|Spot the difference: before...|
Jonathan was very positive when I told him about the problems I was having with my back. He immediately sent me back a revised training plan (which may still need to be re-revised) with the comment that "this goes to mass" (meaning: no mucking about, this is a mandatory reduction in training load). You can see the difference between what I had programmed and what I am to do now in the graphs above. Now he's worried that, once the back pain subsides, I'll have a kind of training "high" from the sudden reduction, as if I were tapering in order to peak for the competition already. It's a delicate business this, getting the load right, and it is very difficult to be objective about it when you are immersed in the middle - again, this is why I think it is fundamental to have a trainer, just like it is fundamental to have a doctor, however much you have read up about your ailments on the internet. The great temptation will be, once my back is back (sorry) to normal, to rush back into training at the level I was before. It's very important to ease back in carefully, to avoid provoking the problem again. Now that I know that one of my "failure modes" is for my back to seize up, it is a useful indicator for the weeks of training that are yet to come.
In the meantime, with the sudden reduction in daily calorie burning I have had to be careful about what I eat. On a day with no training I have about 2,100 calories to "spend" and it is quite amazing how little that buys you. I miss my 1/2 kilo of sirloin steak.
By Thursday, the pain in my back had completely subsided and was a relief in more ways than one. I don't know whether this was due to being "manipulated" by Paloma two days in a row or just due to rest - I suspect a combination of the two. I actually noticed in the middle of the night that it was much better - at first it would still hurt to shift position but, by the morning, I had no more discomfort. The idea had been to take Thursday and Friday off work simply to be able to fit in the hours of training I had planned; in the end, in spite of having nothing more than a light swim to do, I decided to take the Friday off anyway. It's been a harder slog to get here than perhaps I had let myself realize so I think a little break from everything is a good thing. Now to attack that second "hump" of training with renewed vigour and the confidence of having been there and done that!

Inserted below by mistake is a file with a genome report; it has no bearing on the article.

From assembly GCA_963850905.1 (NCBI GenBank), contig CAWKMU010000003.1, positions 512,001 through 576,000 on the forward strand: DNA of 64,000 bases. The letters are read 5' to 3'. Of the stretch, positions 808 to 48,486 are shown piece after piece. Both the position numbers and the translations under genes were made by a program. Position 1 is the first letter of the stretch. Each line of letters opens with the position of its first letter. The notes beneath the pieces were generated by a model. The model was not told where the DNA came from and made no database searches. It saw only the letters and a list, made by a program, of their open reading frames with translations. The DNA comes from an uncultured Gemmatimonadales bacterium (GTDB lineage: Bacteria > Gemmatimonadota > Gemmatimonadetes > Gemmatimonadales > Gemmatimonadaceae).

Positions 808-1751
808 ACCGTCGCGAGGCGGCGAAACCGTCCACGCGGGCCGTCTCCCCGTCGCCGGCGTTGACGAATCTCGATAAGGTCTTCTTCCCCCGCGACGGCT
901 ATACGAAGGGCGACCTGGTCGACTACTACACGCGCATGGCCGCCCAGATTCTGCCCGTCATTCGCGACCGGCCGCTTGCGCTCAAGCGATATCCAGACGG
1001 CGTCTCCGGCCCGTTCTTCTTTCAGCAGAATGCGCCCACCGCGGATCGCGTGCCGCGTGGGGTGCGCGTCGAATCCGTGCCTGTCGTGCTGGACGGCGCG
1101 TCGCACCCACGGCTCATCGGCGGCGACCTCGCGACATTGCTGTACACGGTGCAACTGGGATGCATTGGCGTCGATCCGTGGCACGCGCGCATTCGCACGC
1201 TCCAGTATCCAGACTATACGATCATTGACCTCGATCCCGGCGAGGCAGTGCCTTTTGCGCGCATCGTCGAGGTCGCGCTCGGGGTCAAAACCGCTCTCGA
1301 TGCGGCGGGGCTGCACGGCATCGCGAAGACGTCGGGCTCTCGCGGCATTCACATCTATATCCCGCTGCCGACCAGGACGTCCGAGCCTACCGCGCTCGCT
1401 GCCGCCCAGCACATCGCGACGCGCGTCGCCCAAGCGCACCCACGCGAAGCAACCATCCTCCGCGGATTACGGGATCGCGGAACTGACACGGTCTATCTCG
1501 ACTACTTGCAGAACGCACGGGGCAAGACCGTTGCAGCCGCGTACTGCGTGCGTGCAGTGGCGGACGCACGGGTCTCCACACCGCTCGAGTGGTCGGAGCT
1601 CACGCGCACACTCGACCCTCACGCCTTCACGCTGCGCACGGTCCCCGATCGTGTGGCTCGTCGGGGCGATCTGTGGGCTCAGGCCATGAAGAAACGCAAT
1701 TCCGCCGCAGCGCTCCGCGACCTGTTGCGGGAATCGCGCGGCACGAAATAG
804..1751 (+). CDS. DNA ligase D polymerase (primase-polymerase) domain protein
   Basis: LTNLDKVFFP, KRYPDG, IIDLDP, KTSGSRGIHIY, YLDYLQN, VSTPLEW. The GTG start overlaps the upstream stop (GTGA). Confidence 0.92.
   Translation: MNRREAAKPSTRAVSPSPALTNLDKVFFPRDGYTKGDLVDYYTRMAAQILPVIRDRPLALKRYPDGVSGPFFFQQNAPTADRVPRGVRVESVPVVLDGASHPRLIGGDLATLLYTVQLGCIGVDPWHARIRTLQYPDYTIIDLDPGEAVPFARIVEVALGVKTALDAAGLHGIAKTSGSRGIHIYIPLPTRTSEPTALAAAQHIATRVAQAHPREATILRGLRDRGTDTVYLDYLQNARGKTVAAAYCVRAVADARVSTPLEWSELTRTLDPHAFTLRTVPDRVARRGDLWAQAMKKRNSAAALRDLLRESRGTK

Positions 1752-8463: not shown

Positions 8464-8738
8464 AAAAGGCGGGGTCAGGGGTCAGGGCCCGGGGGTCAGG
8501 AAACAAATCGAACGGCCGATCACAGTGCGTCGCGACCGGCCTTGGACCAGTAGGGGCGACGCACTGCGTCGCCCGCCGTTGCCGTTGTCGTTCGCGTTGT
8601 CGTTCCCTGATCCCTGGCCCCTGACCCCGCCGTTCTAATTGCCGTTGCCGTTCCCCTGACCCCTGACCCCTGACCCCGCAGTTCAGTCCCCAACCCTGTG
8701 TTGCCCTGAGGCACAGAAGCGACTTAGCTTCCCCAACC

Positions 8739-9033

On another note, I booked my accommodation in Florianópolis - or, I should say, Cassia, the wife of Carlos who is also doing the Brazil Ironman with me, booked it for me (thanks!). It's not cheap - but then, the words "Triathlon" and "cheap" are very rarely seen in close proximity to each other. It includes an "Ironman package" which covers all the transportation to and from the airport and the event (with bike) and breakfast at whatever insane hour I'll have to have it on the day of the race itself. It looks like a lovely place so at least the family should enjoy it while I am biting my nails down to my knuckles. Cassia is Brazilian and has family from Florianópolis and is as good as being an Ironman herself in that she is married to one and knows all too well what it is all about. So I am in good hands as an Ironman virgin...
FLORIPA HERE I COME!